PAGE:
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Due to the rapidly changing world we need to be focused on tackling the social consequences of the crisis, fight poverty and social exclusion, exploiting in particular the potential of a green economy to promote growth and competitiveness. We are inspired by the OECD work in all these areas, said the Prime Minister of the Slovak Republic to the OECD Council.
H.E. Róbert Fico, Prime Minister of the Slovak Republic, visited the OECD on 11th April to address the OECD Council and to hold a Lunch Seminar on Slovakia’s reform agenda with the Secretary-General, Mr. Angel Gurría, and OECD experts.
Over the last decade, the Slovak Republic has established itself as a provider of development co operation. Slovakia more than tripled its volume of official development assistance (ODA) between 2004 and 2008.
Is growth possible in all OECD regions? Evidence suggests that it is. This report argues that helping underdeveloped regions to catch up with more developed ones will have a positive impact on a country’s national growth overall, and that such growth helps to build a fairer society, in which no region’s citizens are left behind.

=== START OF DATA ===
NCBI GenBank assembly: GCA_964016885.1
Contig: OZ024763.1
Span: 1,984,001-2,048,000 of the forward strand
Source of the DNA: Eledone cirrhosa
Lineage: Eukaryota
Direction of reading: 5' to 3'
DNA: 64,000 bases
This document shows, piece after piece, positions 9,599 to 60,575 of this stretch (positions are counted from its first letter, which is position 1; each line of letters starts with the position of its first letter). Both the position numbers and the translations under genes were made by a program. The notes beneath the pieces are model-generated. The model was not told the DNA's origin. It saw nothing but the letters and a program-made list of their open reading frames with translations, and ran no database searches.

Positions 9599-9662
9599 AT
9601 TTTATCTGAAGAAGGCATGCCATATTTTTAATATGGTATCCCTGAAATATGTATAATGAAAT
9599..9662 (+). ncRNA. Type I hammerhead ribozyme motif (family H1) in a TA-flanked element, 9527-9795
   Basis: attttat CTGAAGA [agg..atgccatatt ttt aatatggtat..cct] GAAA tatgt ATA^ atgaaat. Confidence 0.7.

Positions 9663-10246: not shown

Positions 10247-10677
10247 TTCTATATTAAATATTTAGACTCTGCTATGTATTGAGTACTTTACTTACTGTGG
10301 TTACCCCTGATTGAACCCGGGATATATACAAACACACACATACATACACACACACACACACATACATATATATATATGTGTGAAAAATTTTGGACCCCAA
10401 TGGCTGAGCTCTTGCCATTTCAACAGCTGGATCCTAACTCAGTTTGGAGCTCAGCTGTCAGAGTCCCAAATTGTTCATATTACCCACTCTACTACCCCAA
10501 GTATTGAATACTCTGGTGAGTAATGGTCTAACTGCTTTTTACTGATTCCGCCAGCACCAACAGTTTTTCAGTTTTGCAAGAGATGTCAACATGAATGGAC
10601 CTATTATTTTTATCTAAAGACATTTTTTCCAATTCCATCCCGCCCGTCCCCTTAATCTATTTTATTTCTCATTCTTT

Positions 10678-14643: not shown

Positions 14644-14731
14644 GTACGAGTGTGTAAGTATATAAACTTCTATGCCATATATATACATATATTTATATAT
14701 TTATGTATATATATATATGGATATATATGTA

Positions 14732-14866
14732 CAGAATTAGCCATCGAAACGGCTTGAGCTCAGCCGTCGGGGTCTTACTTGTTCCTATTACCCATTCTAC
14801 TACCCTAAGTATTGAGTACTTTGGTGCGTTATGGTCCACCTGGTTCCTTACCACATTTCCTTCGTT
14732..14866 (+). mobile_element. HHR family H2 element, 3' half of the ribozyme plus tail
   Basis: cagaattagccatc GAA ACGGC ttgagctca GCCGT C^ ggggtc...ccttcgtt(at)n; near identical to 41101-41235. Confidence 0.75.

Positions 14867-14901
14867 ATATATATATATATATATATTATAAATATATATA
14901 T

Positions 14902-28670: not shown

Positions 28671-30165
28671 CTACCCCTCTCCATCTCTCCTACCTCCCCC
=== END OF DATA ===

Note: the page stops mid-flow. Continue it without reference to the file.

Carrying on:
The Slovak Republic recovered strongly from the global economic crisis and is weathering well the storm that has struck its main European trading partners. The challenges going forward will be restoring public finances while driving down unemployment and fostering long-term inclusive growth, says the latest Economic Survey.
Secretary-General Angel Gurría will present the OECD 2012 Economic Survey of the Slovak Republic during his official visit to Bratislava on 6 December.
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Education at a Glance 2012: Key facts - Slovak Republic
This page contains all information relating to implementation of the OECD Anti-Bribery Convention in the Slovak Republic.
20/06/2012 - The Slovak Republic must urgently meet its obligations under the Convention it signed 12 years ago and introduce an effective corporate liability regime so that Slovak companies are held accountable for the bribery of foreign public officials in cross-border business deals, says a new OECD report.
The Slovak Republic imports virtually all of its natural gas and crude oil from a single supplier, the Russian Federation. Energy security is therefore an overarching concern and priority in the Slovak Republicfs energy policy agenda. The government is taking steps to diversify supplies and build on lessons learned from the gas supply disruption in 2009.
Enhancing regional co-operation, particularly in the development of